Laparascopic Nephrectomy (Keyhole surgery)Laparoscopic surgery is performed by inflating the abdomen with gas, usually carbon dioxide, which creates a space between the wall of the abdomen and the organs inside. Using short incisions instruments can be inserted to perform the manoeuvers necessary for the operation. All this is viewed directly on a video monitor which receives its picture from a video camera attached to the laparoscope which is inserted through one of the incisions.
Our journey to the hospital was a hoot. For the first time ever we missed the turning off the dual carriageway. Drove on to the next turn off … missed it!! I was not driving. I was sitting in the back keeping my lips very firmly glued together, taking slow deep breaths and Praying! You see, men go on about how much women talk, but today, it was because two men were talking non stop that between them they allowed two turnings to be missed!! That would not have happened had I been driving and even if I had been talking as well, because we women all know, we are experts at multi-tasking! hee …. Had to laugh though at the reason why we missed not one, but two turnings! Today was not the day to get lost, be late or end up stressed. A few minutes later and iphone to the rescue with its built in sat nav and my son got the directions – and we got back on track! We did eventually get to the hospital about 10 minutes late instead of 15 minutes early as planned. I had to laugh. No way could I see anything but the funny side of this. Right up until the last minute these little things were being sent to “try” me. At long last though, I had learned patience and had a bit more Faith!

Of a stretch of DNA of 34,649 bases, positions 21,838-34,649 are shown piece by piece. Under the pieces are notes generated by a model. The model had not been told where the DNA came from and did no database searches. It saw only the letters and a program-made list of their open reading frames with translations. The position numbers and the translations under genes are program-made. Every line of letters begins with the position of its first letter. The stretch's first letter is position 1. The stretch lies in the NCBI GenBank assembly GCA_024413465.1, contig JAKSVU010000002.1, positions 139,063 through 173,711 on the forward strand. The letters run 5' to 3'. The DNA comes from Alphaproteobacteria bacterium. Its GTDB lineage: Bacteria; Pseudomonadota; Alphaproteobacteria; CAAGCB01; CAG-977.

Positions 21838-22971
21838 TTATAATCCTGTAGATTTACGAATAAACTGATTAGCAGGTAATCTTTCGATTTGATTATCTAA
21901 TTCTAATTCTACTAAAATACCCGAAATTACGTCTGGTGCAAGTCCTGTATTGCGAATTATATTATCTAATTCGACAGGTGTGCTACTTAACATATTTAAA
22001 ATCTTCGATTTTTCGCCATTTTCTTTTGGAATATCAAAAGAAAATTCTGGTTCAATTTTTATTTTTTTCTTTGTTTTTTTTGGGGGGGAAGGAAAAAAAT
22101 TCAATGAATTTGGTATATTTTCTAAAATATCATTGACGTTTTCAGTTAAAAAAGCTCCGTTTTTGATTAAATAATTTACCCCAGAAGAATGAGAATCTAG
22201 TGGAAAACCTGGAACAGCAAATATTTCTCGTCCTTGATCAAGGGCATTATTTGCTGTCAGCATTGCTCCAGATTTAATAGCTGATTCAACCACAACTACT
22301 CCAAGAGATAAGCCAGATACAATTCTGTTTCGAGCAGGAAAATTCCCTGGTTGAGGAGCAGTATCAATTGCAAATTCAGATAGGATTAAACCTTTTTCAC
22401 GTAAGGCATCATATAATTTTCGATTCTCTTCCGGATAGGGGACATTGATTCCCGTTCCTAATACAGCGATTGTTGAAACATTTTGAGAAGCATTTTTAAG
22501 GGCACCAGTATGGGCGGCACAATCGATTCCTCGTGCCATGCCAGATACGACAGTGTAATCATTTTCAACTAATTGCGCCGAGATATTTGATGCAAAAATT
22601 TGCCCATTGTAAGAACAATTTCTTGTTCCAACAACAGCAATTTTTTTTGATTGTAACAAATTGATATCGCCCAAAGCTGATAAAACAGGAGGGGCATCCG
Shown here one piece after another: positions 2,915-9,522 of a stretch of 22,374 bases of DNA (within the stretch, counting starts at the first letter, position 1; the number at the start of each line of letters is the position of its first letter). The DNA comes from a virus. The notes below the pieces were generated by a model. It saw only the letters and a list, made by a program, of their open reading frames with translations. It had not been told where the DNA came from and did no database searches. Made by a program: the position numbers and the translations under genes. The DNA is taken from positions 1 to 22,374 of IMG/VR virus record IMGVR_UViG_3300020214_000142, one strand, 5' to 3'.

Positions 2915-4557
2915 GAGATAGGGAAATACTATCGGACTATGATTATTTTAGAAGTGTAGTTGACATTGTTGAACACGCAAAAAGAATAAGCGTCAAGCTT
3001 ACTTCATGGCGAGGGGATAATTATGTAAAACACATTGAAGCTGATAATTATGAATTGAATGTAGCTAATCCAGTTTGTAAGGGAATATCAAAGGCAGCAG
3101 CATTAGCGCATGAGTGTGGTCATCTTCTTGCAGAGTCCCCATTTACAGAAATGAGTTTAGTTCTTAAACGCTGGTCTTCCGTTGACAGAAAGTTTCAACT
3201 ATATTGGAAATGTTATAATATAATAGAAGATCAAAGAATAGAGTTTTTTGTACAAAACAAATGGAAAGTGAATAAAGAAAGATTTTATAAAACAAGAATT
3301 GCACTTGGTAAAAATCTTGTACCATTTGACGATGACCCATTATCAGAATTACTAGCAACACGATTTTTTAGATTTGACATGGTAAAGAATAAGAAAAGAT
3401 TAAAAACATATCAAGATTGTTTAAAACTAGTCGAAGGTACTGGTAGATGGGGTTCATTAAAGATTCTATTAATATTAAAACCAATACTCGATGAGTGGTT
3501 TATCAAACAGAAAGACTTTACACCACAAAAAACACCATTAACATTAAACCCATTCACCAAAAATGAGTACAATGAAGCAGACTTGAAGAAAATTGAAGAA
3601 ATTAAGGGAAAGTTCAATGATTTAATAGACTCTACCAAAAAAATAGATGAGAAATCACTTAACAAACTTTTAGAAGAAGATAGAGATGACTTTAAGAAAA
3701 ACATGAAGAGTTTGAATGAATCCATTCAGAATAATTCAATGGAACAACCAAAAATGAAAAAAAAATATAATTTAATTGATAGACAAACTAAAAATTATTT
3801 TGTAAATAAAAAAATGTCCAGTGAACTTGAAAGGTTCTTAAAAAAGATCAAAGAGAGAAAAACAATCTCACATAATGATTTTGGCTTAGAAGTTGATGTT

We went to Day Surgery and I filled in a basic form with personal details, next of kin, telephone numbers etc. A nurse took me through to another room and into a cubicle – my family was allowed to come and wait with me which was nice as I was now into unknown territory a bit. I could have been quite nervous at this point, but I was not. Here I knew everything was out of my hands and my total Faith in the transplant team and God was all I needed now.
I was weighed. had name bands put on both wrists having confirmed my name, date of birth and address.
At this stage my family went back to the Day Surgery room to wait. They could have stayed with me, but at this stage I preferred to have them wait outside. I felt it was not really fair on them to put them through watching me being injected and that sort of stuff. I would see them again before the op. I was given some tablets and a heparin injection. My blood when originally tested for clotting, clotted very well, so the heparin will help to thin it slightly so as to help stop blood clots from forming. The nurse measured around my calf as I was to wear anti thrombosis socks. She asked me to get changed into the hospital robe. Why is it that the ties that do up around the buttock area are always the ones that are broken, so you walk down the passage with with your bum sticking out! lol The anaesthetist came and said hello. Checked the forms and got my weight. We had a little chat and off he went.